Over The Rainbow: They Think It’s All Over – It Is Now

OVER THE RAINBOW: Saturday 22nd May, BBC1, 7pm ALERT ME

Over The Rainbow warbles towards its conclusion this Saturday when the public decides which contestant deserves to seize the coveted prize of playing Dorothy in the West End.

Whittled down to the final three out of a starting eleven, fans are in for a nail-biting finish with two thin brunettes dominating the fixture. Will it be Danielle, Sophie or Lauren? Which dog will be crowned Toto? Will they be able to impress Andrew Lloyd’s Bank and Chardonnay Church? Who even gives a s***?

Quite how the BBC has gotten away with these hour-long adverts for Andrew Lloyd Webber musicals will leave many feeling stunned. Considering Over The Rainbow’s ultimate achievement is to act as a PR exercise for its future production, it is extraordinarily cynical of the Beeb to make air time available to promote “the Lord’sâ€? current monstrosity Love Never Dies.

In a completely arbitrary scene last week Sierra Boggess – the leading lady in Love Never Dies – performed a song in its entirety to huge applause. The justification for her inclusion seems to have been a blink-and-you-miss-it clip where she deploys a morale building exercise to boost the contenders’ confidences. So in exchange for a minute long snippet that reveals crucial advice such as “you’ll get used to the [rigorous] scheduleâ€? of the theatre, the Beeb, in return, get almost four minutes of prime time ad-space for the Lord.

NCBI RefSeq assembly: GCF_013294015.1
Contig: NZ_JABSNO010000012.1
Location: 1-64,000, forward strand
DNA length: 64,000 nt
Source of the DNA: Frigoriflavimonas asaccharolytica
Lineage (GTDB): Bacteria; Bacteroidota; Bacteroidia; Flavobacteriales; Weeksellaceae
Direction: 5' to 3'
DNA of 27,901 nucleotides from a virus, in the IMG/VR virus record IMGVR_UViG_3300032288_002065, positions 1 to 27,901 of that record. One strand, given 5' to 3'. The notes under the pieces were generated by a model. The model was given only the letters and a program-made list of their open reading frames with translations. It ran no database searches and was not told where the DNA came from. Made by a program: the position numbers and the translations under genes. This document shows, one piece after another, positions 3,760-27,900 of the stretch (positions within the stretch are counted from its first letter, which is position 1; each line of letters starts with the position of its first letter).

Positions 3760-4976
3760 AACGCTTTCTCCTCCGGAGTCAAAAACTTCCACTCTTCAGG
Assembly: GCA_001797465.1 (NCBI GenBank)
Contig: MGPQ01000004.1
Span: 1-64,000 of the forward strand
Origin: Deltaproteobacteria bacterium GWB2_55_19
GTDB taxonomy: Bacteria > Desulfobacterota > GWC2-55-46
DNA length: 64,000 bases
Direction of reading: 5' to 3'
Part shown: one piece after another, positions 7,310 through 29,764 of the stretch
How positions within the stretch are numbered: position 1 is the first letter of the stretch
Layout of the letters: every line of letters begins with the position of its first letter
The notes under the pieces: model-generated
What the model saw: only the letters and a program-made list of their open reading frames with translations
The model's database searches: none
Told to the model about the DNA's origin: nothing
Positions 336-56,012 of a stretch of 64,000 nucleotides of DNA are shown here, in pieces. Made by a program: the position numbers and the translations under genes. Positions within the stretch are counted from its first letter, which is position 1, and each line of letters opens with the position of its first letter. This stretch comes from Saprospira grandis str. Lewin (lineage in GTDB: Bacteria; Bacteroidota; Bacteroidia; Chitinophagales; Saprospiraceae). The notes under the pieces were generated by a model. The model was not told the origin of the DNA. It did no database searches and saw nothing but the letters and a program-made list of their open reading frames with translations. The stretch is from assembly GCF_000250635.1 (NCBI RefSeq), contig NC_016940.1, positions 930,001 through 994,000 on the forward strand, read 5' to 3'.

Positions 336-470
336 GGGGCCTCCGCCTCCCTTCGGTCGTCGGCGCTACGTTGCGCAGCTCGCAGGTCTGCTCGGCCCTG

The show also suffers from being leaden with dialogue riffing off the title of the show. Graham Norton – who is plied with quotes like a rape victim is administered GHB – quips: “There may be no place like home but no-one wants to go there tonightâ€?. This is probably because they risk catching Over The Rainbow on the television and might decide their being “savedâ€? had more to do with Andrew Lloyd Webber’s bank account than their professional longevity in the theatre. Surely there are jobbing actors out there who would die for this role? They should unionise and topple the Webber empire immediately via the means of violent strikes (to his face).

Having begun in the latter stages of March, the show – like Andrew Lloyd Webber’s dubious ‘talents’ – has certainly run its course. Combining the structure of previous Webber formats such as Any Dream Will Do and various aspects of Crufts, it is a truly surreal and, at moments, deeply unsettling programme that many will be glad to be seen put to rest.